The Development and Well-Being Assessment (DAWBA) is a package of interviews, questionnaires and rating techniques designed to generate ICD-10 and DSM-IV or DSM-5 psychiatric diagnoses on 2-65 year olds. The DAWBA covers the common emotional, behavioral and hyperactivity disorders, without neglecting less but sometimes more severe disorders. You can consult a list of diagnoses covered.
Information is collected from up to three sources:
- An interview with the parents of 2-17 year olds. Tell me more
- An interview with 11-17 year olds themselves. Tell me more
- A questionnaire completed by teachers of 2-17 year olds. Tell me more
The DAWBA interviews can be administered either by humans or by computers. For the ever-increasing proportion of young people and parents who are at home with computers, the computer-administered interviews have the advantage of cutting out the cost of employing an interviewer. In addition, some respondents find it easier to be honest with a machine than a person. There is also a convenience factor since a growing number of respondents are able to complete the ‘on line’ DAWBA from home or work. But there are also many circumstances where having an interviewer is an advantage. It is quick to train DAWBA interviewers and previous clinical experience is not essential (see Interviewers’ Instructions).
The interviews and questionnaires involve a mixture of closed questions such as “Does he ever worry?” and open-ended questions such as “Please describe in your own words what it is that he worries about?” With the computer-administered interviews, the respondent types the open-ended answers into the text boxes. With the interviewer-administered interviews, it is the interviewer who transcribes the answers. Interviewers can also add comments to the transcript, e.g. about a respondent’s difficulty understanding particular questions, or about a respondent’s reluctance to speak about specific topics.
To increase acceptability and reduce costs, the interviews and questionnaires have deliberately been kept as short as possible. As a rough guide to length, the parent interview takes around 50 minutes to administer to a community sample. The corresponding youth interview takes around 30 minutes to administer to a community sample. The teacher questionnaire takes around 10-15 minutes.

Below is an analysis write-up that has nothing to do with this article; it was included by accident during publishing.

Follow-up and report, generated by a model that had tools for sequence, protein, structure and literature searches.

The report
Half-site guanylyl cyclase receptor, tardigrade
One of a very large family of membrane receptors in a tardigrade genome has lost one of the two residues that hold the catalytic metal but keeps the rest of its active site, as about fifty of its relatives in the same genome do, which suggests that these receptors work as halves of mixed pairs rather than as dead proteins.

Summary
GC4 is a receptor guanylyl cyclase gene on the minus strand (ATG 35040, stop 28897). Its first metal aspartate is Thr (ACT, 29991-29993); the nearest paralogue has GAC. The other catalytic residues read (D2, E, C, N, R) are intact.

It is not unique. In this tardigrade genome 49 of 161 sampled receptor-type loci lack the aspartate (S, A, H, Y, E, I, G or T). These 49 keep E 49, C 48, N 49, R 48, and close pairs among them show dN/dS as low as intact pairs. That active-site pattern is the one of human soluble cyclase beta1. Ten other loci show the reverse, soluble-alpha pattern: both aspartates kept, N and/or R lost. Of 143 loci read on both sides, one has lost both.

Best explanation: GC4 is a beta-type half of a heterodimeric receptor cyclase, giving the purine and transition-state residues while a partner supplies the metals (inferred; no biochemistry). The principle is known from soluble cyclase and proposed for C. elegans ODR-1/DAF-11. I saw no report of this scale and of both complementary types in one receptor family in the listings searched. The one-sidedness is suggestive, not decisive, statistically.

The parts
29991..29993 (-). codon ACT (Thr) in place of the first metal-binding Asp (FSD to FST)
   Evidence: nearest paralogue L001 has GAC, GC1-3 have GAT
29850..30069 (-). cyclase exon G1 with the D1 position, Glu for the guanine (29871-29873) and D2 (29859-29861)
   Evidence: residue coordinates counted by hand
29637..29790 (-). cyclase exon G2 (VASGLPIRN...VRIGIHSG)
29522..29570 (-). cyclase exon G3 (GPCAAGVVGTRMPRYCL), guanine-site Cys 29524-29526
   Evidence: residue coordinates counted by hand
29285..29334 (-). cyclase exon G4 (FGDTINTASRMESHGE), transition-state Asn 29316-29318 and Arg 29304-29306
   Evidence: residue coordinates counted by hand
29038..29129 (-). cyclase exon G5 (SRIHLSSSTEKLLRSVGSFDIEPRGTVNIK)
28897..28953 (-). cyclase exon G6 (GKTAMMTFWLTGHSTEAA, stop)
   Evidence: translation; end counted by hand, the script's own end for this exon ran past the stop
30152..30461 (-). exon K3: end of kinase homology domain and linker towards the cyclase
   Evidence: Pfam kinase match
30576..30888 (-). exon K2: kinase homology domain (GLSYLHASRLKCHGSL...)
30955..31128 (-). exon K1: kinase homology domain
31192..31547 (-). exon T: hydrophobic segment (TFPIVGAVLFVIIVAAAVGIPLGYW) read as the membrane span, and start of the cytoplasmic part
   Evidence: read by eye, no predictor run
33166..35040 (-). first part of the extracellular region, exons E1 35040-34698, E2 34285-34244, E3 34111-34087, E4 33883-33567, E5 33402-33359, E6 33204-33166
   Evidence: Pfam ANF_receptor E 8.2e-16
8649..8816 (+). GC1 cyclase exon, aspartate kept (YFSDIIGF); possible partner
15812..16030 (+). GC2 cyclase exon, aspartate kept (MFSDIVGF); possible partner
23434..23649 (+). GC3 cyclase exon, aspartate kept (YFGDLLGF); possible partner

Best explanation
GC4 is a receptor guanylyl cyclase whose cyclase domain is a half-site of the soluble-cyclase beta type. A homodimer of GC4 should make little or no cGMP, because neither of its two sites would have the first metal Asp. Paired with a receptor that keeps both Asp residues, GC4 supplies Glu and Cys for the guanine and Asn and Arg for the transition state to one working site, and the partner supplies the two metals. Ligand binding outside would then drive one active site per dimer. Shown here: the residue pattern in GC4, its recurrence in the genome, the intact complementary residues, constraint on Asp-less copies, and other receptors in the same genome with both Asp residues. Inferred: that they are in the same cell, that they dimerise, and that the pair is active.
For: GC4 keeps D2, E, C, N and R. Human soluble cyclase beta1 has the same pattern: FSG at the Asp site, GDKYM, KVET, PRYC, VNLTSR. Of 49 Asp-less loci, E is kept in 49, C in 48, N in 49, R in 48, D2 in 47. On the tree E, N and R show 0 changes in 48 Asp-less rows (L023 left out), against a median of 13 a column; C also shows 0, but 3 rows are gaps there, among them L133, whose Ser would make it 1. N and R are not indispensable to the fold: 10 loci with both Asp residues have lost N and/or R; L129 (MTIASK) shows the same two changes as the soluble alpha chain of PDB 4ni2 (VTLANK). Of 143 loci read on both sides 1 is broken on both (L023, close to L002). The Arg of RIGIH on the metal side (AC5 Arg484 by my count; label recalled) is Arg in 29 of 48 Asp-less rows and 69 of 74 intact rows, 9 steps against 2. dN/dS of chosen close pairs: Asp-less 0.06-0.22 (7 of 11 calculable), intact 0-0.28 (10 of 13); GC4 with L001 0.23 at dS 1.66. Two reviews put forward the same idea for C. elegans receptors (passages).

The length of interviews is further reduced by skip rules that allow entire sections to be omitted when screening questions indicate that the child is extremely unlikely to have the diagnoses covered by those sections. More about skip rules.
Information from the different informants is drawn together by a computer program that also predicts the likely diagnosis or diagnoses, generating six probability bands, ranging from a probability of less than 0.1% of having the relevant diagnosis to a probability of over 70% of having the relevant diagnosis. The computer-generated predictions may be enough for some research studies, but for clinical use and some research studies, the computer predictions are not the finishing point – they are simply a convenient starting point for experienced clinical raters who decide whether to accept or overturn the computer diagnoses (or lack of diagnoses) in the light of their review of all the data, including transcripts. A rater’s manual provides guidance on how to deal with common difficulties and “grey cases”. More about clinical rating.
The DAWBA combines the simplicity of respondent-based measures with the oversight of a counselor or psychologist. Getting respondents to complete the interview online can reduce costs by 80% or more. If interviewers are needed, then using non-clinical rather than clinical interviewers reduces costs. Skilled clinical investigators are expensive and scarce – the DAWBA uses them very economically. For example, the 1999 British nationwide survey employed around 300 non-clinical interviewers to assess over 10,000 children – but only required 2 clinical raters back at base.
The initial validation study of the DAWBA suggested it had considerable potential as an epidemiological measure and promise as a clinic assessment (Goodman et. al., 2000). A decade of subsequent experience has confirmed this. The DAWBA has been used in all the British nationwide surveys of child and adolescent mental health, (Meltzer, Gatward, Goodman, & Ford, 2003). These surveys, and similar surveys in many other countries, have generated reasonable prevalence rates, and shown the expected pattern of association between disorders and independent risk factors – thereby providing further evidence for the validity of the DAWBA. The DAWBA has also taken off as a clinical assessment in a wide range of contexts and countries.